Major Gant was riding with a group of up-armored Humvees, escorting a large convoy of Iraqi National Police in soft-sided trucks, when they came under fire from insurgents. When an Iraqi police commando took a bullet wound in the face, Major Gant dismounted his vehicle and provided life-saving medical assistance… then bundled the wounded man onto a helicopter, even as enemy mortar rounds began falling on his position. He ordered his Humvee to shield the vulnerable police trucks from machine-gun fire. Spotting an Improvised Explosive Device on the road ahead, he detonated it with his own armored vehicle… then did it again when a second IED was spotted, fifty feet away.
You and I would probably want a coffee break after driving through two roadside bombs, but Major Gant was still on the clock. A civilian vehicle had been drawn into the convoy during the running firefight. A woman inside this vehicle sustained serious wounds to her legs, prompting Major Gant to dismount again, race to her side, and perform first aid through a hail of bullets. The woman had a little girl with her. Gant has two young children of his own, so he took the child back to his armored Humvee for safety. Both the woman and her child survived the battle, and the day ended with two hundred Iraqi commandos hugging and kissing the Americans, bathing the street in goat’s blood, and painting their battered trucks with bloody handprints.
I’ll bet you’d like to see Hollywood film that story, instead of giving Matt Damon another sixty million bucks to make an ass of himself. I would hope a team of top screenwriters, armed with million-dollar special effects, could do the story more justice than some guy sitting up way too late at night, writing a blog post. I don’t know if Major Gant has ever visited Omaha Beach, but if he does, he will walk among the spirits of brothers, who would have welcomed him at their sides on the Day of Days.
There are many more tales of incredible courage pouring from the deserts and mountains where America and her allies battle the forces of Islamic fascism. The great-grandsons of Easy Company are once again walking among the bones of ruined cities, presenting their bodies as shields against murder, on behalf of civilians who have plenty of “cultural differences” with them. There are heartbreaking tragedies and mortal outrages to recount, as well. Everyone should know the story of the attack on Karbala in 2007, and what became of the animals who planned and executed it. I’ll give you a hint: they weren’t executed. Actors who love to boast of their appetite for tackling difficult subjects could show some real guts by portraying Karbala to their adoring audiences.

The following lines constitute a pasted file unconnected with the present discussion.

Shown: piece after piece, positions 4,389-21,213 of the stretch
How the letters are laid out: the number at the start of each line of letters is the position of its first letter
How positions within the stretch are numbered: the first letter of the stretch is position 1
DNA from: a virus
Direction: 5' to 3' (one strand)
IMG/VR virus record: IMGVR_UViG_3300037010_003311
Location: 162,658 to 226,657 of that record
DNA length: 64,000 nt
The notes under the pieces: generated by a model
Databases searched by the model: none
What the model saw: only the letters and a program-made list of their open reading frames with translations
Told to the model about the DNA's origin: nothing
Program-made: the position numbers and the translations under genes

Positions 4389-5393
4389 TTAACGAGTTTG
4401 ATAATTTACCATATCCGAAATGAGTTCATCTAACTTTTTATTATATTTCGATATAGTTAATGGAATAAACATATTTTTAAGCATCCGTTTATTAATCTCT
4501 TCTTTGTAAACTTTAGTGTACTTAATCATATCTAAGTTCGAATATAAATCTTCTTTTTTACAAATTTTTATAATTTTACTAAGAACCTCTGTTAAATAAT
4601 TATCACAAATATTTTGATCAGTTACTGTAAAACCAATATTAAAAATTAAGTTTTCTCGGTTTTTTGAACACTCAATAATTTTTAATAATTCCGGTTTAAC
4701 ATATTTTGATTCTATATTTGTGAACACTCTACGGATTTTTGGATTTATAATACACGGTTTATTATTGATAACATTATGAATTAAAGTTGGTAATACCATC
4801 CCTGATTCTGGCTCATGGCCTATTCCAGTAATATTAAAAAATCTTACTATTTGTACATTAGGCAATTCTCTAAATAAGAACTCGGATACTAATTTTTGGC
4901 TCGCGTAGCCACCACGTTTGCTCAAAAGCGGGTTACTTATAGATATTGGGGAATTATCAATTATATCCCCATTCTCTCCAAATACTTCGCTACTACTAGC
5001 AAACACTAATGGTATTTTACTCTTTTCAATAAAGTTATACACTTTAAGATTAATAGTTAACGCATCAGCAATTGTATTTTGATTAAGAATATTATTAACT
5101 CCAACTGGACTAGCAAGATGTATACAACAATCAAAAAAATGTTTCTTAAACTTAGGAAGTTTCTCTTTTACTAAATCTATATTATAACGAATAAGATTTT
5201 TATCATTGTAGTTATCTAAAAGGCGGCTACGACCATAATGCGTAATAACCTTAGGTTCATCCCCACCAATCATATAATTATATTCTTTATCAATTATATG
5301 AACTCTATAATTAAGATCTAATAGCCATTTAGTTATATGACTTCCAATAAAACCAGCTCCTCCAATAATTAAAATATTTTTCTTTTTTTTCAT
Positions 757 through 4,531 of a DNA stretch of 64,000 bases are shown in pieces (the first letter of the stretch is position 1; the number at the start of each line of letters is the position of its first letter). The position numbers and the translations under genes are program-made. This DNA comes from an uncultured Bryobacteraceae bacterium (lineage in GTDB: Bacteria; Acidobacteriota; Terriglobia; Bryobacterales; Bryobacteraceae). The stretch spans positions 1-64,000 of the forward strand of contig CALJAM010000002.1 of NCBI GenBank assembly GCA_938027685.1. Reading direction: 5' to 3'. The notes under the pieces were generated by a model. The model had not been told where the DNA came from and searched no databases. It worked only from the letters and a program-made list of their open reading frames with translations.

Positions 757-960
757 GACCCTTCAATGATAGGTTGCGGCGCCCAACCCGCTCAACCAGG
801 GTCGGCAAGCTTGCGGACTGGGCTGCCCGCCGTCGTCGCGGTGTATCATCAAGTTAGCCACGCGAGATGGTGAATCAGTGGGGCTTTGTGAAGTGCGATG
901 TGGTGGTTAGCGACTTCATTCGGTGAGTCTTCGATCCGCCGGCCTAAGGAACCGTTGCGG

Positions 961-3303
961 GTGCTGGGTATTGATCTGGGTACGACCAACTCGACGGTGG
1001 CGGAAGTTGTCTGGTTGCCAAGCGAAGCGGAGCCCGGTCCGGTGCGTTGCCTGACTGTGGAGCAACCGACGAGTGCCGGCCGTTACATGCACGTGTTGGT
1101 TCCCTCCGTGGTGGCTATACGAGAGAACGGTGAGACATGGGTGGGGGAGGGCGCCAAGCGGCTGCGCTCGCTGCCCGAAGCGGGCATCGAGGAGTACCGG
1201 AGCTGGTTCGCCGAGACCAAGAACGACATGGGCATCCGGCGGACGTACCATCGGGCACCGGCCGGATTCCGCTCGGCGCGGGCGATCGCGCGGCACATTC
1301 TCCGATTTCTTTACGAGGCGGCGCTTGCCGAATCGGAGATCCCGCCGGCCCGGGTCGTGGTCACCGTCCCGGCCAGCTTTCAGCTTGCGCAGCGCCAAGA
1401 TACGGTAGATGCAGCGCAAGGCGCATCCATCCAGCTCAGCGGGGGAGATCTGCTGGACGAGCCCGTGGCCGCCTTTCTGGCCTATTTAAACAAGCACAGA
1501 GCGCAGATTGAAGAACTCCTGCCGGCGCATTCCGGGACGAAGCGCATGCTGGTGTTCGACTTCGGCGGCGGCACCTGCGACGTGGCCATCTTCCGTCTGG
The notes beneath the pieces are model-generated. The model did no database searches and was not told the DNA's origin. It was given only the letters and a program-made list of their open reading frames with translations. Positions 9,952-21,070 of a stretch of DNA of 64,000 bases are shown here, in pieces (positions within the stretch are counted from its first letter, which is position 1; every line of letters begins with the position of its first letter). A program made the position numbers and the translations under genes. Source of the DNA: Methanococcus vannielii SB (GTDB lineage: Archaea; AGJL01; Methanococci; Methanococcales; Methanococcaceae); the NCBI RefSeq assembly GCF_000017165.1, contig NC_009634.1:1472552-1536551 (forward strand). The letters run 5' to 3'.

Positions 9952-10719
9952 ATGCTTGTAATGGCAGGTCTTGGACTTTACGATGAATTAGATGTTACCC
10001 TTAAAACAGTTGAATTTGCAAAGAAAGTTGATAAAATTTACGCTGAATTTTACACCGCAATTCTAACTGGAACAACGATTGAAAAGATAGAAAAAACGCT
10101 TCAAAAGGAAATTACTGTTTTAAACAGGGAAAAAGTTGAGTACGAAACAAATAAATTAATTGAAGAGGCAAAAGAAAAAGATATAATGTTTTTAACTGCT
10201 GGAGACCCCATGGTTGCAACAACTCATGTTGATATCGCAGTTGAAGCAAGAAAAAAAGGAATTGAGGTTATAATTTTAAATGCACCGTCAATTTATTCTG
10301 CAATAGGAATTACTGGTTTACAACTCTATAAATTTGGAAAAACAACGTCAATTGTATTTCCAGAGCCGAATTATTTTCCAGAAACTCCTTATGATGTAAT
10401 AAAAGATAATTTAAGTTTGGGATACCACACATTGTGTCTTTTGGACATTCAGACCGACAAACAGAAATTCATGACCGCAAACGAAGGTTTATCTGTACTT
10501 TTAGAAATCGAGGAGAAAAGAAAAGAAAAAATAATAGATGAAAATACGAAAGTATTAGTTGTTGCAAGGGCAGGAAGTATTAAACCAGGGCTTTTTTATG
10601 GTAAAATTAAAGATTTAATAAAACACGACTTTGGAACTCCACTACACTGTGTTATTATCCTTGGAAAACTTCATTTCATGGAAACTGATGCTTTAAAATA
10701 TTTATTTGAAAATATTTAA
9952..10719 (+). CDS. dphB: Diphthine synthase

One of the most memorable chapters of Band of Brothers recounted Easy Company’s discovery of a Nazi concentration camp. Our soldiers in Iraq have discovered horrors, too. Perhaps Hollywood is reluctant to discuss these new horrors, because too many of their number spoke recklessly and stupidly in defense of the perpetrators.
When the children of those who survived Auschwitz and Dachau said “Never again,” they made a promise to themselves, and placed a noble obligation upon the civilized world. The American soldiers who shut down Saddam Hussein’s torture state, and brought a measure of justice for the murder of the Marsh Arabs, honored that obligation. Let us hear the story of how it was done, so we can render them proper honors.
Band of Brothers, along with Saving Private Ryan and Schindler’s List, brought the epic deeds of the Greatest Generation… and the monstrous evil they fought… into the imaginations of a new generation. I wish Mr. Spielberg would use his fortune and talents on behalf of this generation’s great soldiers, and help weave the thread of their heroics into the tapestry of our popular culture.
Cross-posted at www.doczero.org.